Do things slow, everything slow. You take your time and never rush. Last winter there was a bad storm in Snoqualmie Pass in WA and I drove 4.5 hours nonstop at 7mph to get through that mountain. Patience is your best friend as a trucker.

You're definitely ahead of the game that's for sure. When I started driving I had never even been outside of CA and only seen the snow a few times in my life - but never drove on it. I mean, I was the definition of a greenhorn. So if I could do it then so can you.

And remember that you're the captain of your truck. If you don't feel safe then shut her down. Nothing forces you to drive in these conditions. If it's bad today, chances are it'll be sunny tomorrow.

Not pushing through inclement weather will not make them think any differently of you. Its not worth it for the company to risk losing hundreds of thousands of dollars just to get a load in on time. They can always reschedule. Pushing through inclement weather is just about the worst thing you can do on the road in my opinion. Driving in conditions that are dangerous will eventually end your career and maybe even your life. Would you really risk your life for boxes of macaroni and cheese?

I sure as heck wouldn't. Those boxes can wait a day. At the end of the day my goal is to be alive to be able to support my family. And I won't risk my family losing me just to prove to some guy at a desk that I'm reliable. The company also doesn't want you to push through inclement weather. They have enough accidents each year and they want to avoid as much as possible. So please, everyone reading this. Do not think that you're any less of a driver for stopping when conditions get ugly. If anything, you're a better driver than the guy going 60 mph who will get his load in on time but risk everything in exchange. The good drivers are the ones who use their head. I will drive through rain. I will drive through snow. I won't drive through a blizzard and I won't be driving if I'm required to put on chains. In all honesty, I don't think we get paid enough to put on chains and drive down a steep grade with 79,000 pounds behind our backs. I won't drive if I feel like I'm risking my life. I'm 23 and have a bright future with a wonderful wife, no way I'm going to risk losing what I am blessed with just so walmart can have their product. The more strict you are when it comes to safety then the safer you'll be.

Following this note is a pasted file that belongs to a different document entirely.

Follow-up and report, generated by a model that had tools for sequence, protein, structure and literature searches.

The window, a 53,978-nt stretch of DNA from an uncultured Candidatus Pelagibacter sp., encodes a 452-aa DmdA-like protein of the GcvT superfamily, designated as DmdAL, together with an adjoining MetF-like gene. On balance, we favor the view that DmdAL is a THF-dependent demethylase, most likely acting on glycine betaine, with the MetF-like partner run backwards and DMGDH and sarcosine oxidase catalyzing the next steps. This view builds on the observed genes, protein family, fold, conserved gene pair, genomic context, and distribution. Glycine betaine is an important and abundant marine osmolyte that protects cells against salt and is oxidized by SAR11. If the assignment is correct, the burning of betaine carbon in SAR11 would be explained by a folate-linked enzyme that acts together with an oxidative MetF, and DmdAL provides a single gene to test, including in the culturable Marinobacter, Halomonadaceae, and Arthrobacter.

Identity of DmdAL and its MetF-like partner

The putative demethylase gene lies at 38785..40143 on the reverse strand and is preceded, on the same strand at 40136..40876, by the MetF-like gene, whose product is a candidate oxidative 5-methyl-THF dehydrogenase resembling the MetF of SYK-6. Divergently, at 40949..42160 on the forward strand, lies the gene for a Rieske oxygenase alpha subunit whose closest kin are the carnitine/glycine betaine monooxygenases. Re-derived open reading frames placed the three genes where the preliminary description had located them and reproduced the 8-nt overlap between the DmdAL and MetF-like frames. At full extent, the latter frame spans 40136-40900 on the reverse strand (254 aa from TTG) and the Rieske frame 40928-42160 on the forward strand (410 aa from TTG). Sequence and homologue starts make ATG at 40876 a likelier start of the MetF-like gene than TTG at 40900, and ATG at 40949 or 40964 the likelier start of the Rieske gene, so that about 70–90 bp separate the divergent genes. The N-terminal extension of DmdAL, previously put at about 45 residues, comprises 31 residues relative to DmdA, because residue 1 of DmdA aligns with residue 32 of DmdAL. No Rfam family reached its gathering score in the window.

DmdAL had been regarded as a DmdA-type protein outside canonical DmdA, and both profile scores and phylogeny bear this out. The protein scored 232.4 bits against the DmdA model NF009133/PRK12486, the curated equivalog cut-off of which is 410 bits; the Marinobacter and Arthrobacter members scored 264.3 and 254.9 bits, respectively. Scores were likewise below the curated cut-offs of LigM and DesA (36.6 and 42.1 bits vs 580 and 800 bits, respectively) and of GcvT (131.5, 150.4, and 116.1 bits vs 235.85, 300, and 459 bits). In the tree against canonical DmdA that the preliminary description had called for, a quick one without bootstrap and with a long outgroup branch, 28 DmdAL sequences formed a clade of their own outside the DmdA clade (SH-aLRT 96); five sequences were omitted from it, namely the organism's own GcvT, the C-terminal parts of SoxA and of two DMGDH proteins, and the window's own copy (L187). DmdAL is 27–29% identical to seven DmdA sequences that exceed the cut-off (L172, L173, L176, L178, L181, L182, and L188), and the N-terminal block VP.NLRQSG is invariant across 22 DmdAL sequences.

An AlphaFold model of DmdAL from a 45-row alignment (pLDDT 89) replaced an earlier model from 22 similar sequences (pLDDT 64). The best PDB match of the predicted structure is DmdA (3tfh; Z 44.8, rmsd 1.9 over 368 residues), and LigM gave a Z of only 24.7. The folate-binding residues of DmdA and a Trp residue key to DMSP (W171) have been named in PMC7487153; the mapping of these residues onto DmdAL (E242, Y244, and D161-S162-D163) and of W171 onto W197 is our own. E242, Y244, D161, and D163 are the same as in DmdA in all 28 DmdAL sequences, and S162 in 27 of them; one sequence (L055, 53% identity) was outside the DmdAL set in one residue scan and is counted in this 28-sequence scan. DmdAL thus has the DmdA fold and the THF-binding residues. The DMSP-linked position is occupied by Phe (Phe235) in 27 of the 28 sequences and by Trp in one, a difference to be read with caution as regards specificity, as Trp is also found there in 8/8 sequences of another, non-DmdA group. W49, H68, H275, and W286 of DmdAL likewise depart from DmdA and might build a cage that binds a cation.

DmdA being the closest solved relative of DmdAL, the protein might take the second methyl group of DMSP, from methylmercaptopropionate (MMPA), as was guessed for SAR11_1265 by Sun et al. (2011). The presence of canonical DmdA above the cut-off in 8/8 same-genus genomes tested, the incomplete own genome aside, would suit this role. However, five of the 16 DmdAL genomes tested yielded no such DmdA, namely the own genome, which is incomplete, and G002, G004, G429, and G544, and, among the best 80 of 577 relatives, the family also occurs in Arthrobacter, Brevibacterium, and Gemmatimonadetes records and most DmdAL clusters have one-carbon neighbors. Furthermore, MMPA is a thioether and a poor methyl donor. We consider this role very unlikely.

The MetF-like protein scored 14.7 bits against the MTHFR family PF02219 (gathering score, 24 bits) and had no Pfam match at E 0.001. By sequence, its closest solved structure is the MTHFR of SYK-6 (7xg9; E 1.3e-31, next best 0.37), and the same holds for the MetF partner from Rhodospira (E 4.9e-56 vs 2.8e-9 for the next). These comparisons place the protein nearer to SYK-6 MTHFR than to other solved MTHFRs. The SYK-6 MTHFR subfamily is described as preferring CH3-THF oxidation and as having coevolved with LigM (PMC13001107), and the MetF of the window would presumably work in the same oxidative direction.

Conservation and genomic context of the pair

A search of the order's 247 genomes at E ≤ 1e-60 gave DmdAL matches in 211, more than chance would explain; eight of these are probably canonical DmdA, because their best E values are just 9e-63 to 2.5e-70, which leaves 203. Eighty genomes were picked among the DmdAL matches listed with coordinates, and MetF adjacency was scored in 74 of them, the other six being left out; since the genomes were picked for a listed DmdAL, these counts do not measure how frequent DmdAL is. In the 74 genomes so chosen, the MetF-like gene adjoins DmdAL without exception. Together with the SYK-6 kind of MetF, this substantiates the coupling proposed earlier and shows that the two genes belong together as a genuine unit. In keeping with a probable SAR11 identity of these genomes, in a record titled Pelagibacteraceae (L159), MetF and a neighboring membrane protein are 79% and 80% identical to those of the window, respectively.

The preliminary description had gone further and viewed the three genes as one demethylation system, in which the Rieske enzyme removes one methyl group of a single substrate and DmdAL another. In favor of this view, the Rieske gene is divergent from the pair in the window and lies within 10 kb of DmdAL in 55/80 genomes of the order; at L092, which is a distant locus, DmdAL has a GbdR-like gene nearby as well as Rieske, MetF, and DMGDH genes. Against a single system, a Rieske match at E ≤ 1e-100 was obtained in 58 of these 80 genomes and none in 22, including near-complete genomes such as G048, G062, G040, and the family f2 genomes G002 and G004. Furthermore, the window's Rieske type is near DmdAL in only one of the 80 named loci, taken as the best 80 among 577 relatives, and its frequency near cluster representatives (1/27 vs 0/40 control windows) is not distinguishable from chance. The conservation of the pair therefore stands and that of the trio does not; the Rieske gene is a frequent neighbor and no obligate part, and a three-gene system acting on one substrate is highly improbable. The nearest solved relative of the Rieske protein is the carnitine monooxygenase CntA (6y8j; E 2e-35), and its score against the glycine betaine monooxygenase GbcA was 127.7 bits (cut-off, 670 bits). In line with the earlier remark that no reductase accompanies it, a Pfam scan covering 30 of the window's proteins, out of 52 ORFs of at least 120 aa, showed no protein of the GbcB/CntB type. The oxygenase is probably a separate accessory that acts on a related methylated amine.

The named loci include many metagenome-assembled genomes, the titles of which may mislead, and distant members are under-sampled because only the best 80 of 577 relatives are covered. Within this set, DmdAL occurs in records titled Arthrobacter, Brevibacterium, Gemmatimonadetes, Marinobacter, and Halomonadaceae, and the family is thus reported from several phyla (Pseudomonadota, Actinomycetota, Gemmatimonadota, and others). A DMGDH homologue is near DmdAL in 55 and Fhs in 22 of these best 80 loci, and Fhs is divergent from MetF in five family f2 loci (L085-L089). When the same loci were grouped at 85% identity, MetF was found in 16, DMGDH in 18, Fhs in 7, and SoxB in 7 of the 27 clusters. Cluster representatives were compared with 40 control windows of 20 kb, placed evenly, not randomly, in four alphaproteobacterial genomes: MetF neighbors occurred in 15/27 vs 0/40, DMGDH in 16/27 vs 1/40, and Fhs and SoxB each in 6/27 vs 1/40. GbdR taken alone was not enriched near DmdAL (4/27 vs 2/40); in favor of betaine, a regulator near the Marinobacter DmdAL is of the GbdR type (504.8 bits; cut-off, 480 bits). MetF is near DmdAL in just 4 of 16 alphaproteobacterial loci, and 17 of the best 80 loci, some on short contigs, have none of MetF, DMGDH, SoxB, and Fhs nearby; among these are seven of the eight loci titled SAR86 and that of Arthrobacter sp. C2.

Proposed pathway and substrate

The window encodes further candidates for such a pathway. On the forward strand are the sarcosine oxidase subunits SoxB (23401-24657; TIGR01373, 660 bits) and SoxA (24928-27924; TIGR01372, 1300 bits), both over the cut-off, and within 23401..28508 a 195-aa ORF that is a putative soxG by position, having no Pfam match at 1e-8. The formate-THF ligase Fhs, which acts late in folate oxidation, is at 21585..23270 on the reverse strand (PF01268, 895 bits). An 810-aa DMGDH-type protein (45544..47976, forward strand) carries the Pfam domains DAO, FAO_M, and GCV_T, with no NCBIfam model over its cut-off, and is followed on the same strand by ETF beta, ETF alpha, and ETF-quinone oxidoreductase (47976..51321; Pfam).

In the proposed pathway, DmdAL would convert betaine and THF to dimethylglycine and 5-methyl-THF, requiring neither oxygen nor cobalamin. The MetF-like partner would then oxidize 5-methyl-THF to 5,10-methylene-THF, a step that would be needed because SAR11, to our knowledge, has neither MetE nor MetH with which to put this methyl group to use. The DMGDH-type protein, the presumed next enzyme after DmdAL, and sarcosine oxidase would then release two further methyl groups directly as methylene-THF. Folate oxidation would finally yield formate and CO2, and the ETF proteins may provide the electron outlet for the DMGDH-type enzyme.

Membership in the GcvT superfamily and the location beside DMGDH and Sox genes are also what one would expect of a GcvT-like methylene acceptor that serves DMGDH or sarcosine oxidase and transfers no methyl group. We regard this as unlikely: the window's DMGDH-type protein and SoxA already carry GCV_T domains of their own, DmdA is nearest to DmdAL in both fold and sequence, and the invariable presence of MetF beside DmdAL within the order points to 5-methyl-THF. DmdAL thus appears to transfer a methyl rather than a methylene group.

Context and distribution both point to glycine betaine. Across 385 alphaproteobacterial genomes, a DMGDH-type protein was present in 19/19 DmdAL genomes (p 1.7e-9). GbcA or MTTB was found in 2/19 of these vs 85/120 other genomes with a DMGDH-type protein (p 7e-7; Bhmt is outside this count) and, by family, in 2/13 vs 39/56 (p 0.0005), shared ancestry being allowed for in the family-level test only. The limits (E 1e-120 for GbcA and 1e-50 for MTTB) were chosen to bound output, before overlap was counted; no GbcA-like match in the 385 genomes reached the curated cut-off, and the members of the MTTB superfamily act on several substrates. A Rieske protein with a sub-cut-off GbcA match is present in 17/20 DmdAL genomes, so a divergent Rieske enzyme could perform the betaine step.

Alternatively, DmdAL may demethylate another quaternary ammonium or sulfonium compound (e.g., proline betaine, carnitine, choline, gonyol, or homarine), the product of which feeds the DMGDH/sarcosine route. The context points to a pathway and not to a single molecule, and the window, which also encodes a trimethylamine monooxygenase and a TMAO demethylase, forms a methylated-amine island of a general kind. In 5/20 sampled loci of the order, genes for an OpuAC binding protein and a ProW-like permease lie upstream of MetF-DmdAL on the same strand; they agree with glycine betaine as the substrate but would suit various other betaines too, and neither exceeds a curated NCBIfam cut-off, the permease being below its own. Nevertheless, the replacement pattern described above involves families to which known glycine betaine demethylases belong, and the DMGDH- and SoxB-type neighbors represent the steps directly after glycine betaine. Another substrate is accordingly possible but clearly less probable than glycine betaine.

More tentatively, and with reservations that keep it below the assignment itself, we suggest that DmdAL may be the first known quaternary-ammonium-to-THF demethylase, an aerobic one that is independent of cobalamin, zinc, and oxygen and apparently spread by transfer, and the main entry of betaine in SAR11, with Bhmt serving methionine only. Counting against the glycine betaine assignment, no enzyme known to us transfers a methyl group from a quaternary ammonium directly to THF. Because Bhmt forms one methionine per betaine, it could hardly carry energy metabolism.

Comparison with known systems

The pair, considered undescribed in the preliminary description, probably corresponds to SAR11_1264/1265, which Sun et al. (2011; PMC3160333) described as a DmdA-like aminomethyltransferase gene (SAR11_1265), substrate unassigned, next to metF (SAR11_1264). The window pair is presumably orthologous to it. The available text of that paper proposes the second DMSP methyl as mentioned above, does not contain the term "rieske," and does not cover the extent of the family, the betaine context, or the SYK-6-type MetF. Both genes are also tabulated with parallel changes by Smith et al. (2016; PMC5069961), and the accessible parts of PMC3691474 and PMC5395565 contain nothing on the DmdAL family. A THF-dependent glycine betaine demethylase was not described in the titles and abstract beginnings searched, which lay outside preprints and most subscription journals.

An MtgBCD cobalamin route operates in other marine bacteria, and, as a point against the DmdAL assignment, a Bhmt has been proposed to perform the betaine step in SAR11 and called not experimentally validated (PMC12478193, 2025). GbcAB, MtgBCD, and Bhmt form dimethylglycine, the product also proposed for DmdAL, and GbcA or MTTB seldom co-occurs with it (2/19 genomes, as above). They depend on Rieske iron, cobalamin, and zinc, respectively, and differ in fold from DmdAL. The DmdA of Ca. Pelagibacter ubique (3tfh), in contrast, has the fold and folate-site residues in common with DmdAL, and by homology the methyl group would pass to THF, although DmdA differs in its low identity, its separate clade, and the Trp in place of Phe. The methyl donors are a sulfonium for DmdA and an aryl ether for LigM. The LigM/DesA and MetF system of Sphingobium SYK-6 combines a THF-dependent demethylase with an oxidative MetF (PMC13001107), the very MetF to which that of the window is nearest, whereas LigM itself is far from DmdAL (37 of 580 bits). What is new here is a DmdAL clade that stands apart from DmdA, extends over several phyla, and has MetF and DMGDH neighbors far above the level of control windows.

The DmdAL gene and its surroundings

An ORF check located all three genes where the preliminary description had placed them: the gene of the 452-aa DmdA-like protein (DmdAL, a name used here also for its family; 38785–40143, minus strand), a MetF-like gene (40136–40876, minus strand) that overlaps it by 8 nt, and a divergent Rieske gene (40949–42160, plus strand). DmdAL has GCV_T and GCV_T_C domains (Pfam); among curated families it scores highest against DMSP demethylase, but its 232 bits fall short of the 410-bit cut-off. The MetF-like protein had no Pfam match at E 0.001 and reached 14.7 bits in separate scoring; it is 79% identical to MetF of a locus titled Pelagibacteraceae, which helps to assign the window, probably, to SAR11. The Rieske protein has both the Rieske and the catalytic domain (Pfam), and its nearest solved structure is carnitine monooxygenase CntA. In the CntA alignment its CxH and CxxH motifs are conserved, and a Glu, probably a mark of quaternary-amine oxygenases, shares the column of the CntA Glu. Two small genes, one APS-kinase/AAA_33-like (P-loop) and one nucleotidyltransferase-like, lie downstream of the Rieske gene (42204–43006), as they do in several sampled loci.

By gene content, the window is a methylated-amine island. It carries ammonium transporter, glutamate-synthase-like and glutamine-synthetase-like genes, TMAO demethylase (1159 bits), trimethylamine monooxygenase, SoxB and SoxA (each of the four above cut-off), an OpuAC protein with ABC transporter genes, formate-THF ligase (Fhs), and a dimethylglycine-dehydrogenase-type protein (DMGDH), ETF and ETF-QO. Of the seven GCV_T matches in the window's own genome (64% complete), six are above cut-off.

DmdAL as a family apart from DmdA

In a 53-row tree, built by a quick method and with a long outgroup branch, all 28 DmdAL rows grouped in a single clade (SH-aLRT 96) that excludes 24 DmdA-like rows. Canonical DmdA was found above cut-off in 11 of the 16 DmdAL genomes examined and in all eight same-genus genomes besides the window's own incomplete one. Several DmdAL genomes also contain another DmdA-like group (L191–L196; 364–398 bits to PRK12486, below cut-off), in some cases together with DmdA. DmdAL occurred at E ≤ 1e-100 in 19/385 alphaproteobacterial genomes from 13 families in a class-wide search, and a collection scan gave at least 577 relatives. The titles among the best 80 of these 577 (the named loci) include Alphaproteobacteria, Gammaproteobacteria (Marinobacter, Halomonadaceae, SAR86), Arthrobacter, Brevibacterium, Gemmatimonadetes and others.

In the end the person who makes the decision is you. You're the captain of the ship and what you say goes. Your DM has absolutely no say in whether or not you should or shouldn't drive. Drive when you feel comfortable. Go ahead and drive 15 mph with those chains on while they tear apart your tires. You'll be wasting your 70 driving and making no money in return. Ill be in the truck stop sipping my hot tea talking with my family and watching TV. Meanwhile you'll be holding onto the steering wheel with your life.

Dm:

Dispatcher, Fleet Manager, Driver Manager